19. Lots of action on this blog this morning. Sorry I wasn’t able to join in but for a change, I got a good nights’ sleep! For the other side of the coin, I used to participate in motorcycle trade shows, manning a booth for a publication. If a booth was empty, it was because of a coffee break, a conversation you were having at another booth, curious about what your competition was coming out with, a comfort break – as it’s called in the bicycle races or even doing business with a potential client. You just don’t spend 100% of your time in your booth. It just works out that way. Of course, you normally try to wander away during a slow period but those who have done this before can attest it can get real busy real quick with no warning. Hey, I’ve been to the Roanoke airgun show and found tables of airguns unmanned because the owner was at the end of the aisle doing a trade with someone else or taking that “comfort” break.

    Fred DPRoNJ


    • Fred,

      The booths I’m talking about today range in price from $100.000 to $500.000. There is never a time when the booth is not manned by several people. Ever!

      SHOT is big business and the companies who attend cannot afford to leave their booths unattended for a moment, so they bring enough staff to cover them.

      B.B.



  20. B.B./Edith,

    Caption under photo of FAS pistol reads “FAS single-stroke target pistols have been around for the past 40 yards,”. For some reason this one made me chuckle. Should read “40 years”.

    G&G


  21. B.B.,

    I don’t remember if you made it to Gletcher’s booth this year. From what I can tell they have been making guns for other Brands for a while (most of the Legends Line as an example) and have now decided to release them under their own name. Or maybe I’ve got it backwards. In any event, their handguns are among some of the most interesting new guns this year IMO.

    G&G


    • G & G

      I agree that Gletcher has some interesting offerings in handguns. Pyramyd Air has one Gletcher revolver in which the ammo cylinder is removable from the revolver frame. It begs the question whether accessory cylinders will be available in addition to the accessory shells that hold the BBs.


  22. B.B.

    I agree with you wholeheartedly about the Remington booth representative. I also admire your self-control for just walking away. I probably would have interrupted his conversation by getting in his face and telling him what I thought about him and his comment.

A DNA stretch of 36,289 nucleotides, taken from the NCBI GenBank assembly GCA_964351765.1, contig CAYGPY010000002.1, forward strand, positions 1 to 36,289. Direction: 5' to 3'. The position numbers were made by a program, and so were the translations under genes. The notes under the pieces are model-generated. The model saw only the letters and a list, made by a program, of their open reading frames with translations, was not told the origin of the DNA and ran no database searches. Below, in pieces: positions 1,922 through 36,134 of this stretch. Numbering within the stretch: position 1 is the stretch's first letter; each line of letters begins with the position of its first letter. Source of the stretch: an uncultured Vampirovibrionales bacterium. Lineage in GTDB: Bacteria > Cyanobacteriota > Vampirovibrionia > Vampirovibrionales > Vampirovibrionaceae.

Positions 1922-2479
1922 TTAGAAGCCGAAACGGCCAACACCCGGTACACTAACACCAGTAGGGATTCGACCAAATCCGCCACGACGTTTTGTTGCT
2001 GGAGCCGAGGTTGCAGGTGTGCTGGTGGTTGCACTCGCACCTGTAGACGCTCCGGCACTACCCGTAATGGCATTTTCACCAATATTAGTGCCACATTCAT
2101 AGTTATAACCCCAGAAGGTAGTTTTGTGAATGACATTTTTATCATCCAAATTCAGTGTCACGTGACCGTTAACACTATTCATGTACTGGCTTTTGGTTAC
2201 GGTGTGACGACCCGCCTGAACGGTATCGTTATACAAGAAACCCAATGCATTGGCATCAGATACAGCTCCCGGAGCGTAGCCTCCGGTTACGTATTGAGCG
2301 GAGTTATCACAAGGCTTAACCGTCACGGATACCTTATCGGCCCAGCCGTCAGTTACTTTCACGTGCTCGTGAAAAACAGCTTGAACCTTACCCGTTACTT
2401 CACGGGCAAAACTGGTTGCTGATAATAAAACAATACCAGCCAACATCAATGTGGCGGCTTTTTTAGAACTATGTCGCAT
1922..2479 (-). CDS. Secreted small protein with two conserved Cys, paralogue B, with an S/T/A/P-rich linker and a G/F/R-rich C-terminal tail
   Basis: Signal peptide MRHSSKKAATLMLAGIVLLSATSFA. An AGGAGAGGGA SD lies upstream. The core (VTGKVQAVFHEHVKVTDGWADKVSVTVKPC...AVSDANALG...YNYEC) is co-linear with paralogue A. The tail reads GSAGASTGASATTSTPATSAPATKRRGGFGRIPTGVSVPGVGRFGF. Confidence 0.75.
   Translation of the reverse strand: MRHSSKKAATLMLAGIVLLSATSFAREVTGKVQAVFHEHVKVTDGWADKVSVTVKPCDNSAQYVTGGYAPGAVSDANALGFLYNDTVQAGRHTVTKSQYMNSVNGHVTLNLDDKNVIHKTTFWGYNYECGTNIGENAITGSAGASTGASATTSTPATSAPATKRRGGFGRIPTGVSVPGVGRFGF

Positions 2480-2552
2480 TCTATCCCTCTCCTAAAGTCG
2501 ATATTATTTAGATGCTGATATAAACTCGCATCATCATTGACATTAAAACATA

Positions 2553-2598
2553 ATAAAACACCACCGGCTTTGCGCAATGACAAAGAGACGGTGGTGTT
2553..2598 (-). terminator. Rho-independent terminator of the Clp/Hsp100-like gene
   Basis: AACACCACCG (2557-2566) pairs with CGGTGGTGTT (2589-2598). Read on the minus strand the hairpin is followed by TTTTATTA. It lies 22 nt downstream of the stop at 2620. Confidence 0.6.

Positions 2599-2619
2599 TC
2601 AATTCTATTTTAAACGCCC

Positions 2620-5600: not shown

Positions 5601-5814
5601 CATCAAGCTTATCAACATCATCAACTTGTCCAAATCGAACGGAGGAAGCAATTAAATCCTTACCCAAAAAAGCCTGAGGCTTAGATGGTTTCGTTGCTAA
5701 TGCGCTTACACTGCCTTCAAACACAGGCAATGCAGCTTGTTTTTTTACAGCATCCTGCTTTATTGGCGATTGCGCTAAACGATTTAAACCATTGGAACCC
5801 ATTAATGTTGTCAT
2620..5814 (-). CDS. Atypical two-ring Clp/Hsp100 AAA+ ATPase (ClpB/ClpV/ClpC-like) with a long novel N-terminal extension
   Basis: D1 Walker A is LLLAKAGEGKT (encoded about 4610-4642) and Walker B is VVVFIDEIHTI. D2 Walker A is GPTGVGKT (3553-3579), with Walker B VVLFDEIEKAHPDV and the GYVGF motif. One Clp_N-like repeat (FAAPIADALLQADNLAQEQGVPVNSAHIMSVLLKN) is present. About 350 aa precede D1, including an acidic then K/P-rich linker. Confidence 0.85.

23. B.B.

    Got a good gift for my B-day this time – a set of spare parts for my Haenel-311.02. Spent all Saturday evening turning it back into working condition and finally made it work. The result is a big and very tough-to-cock gun with very modest power, but I just like its crazy mechanics 🙂

    duskwight



      • B.B.

        To my eye it’s not _extremely_ complicated, but it’s really mechanically crazy and yes, complicated. I think complexity is the result of combination of extremely cheap and very expensive technology in this rifle. Metal-metal sealing in its tap it really cool, but the rest of it is cheap stamped steel with very crude work inside, when only piston part of the tube is smooth.

        I believe it’s a typical example of German way of thinking and doing things. German guys like to complicate things and make them in 4 parts instead of 1. What truly amazes me is its safety solution – I’ve never seen such fantasticTom&Jerry-like combination of pushing, pulling, levers, plates, springs, pins and in the end – that rubber block “spring” and ball detent.

        Anyway, it works somehow and works crisp and accurate. I’d keep it as an interesting artifact, not an actual “job” rifle.

        duskwight


  24. Mr. Gaylord
    From what you saw at shot, is the Chiappa’s AR611 new or is it just a renamed FAS AR 611? From the pictures you have, it’s unclear if it’s able to mount an aperture and globe sight. Can aperture sights be mounted? What about it’s power? Will it be 3 position rules compliant? While it maxes out at 200 bar, what are Chiappa’s claims for the AR611 sweet spot on it’s power curve? And is there any word about it suggested price? Any additional information you can provide on this rifle would be appreciated?
    Thank you for including this rifle in your shot show report.
    Respectfully submitted
    William Schooley
    Crew 357
    Chelsea, MI



    • Steve,

      Remember those funny columns Tom used to write in “The Airgun Letter” about Elvis B. Phargone and his goofy inventions? Hard to believe that some people called us to ask where they could buy these items. But it happened. We told them it was a joke, but they often didn’t believe us. These were not unsophisticated people who would be snookered by Nigerian inheritance email scams.

      So, this year’s April Fool’s Day blog will have to be a real whopper that will hopefully not become a real product at next year’s SHOT Show!

      Edith


  25. Tom,

    I stumbled upon an online article about that double-barrelled . . . uh. double PERIOD 1911. At first I thought it was a clever Photoshopped visual joke!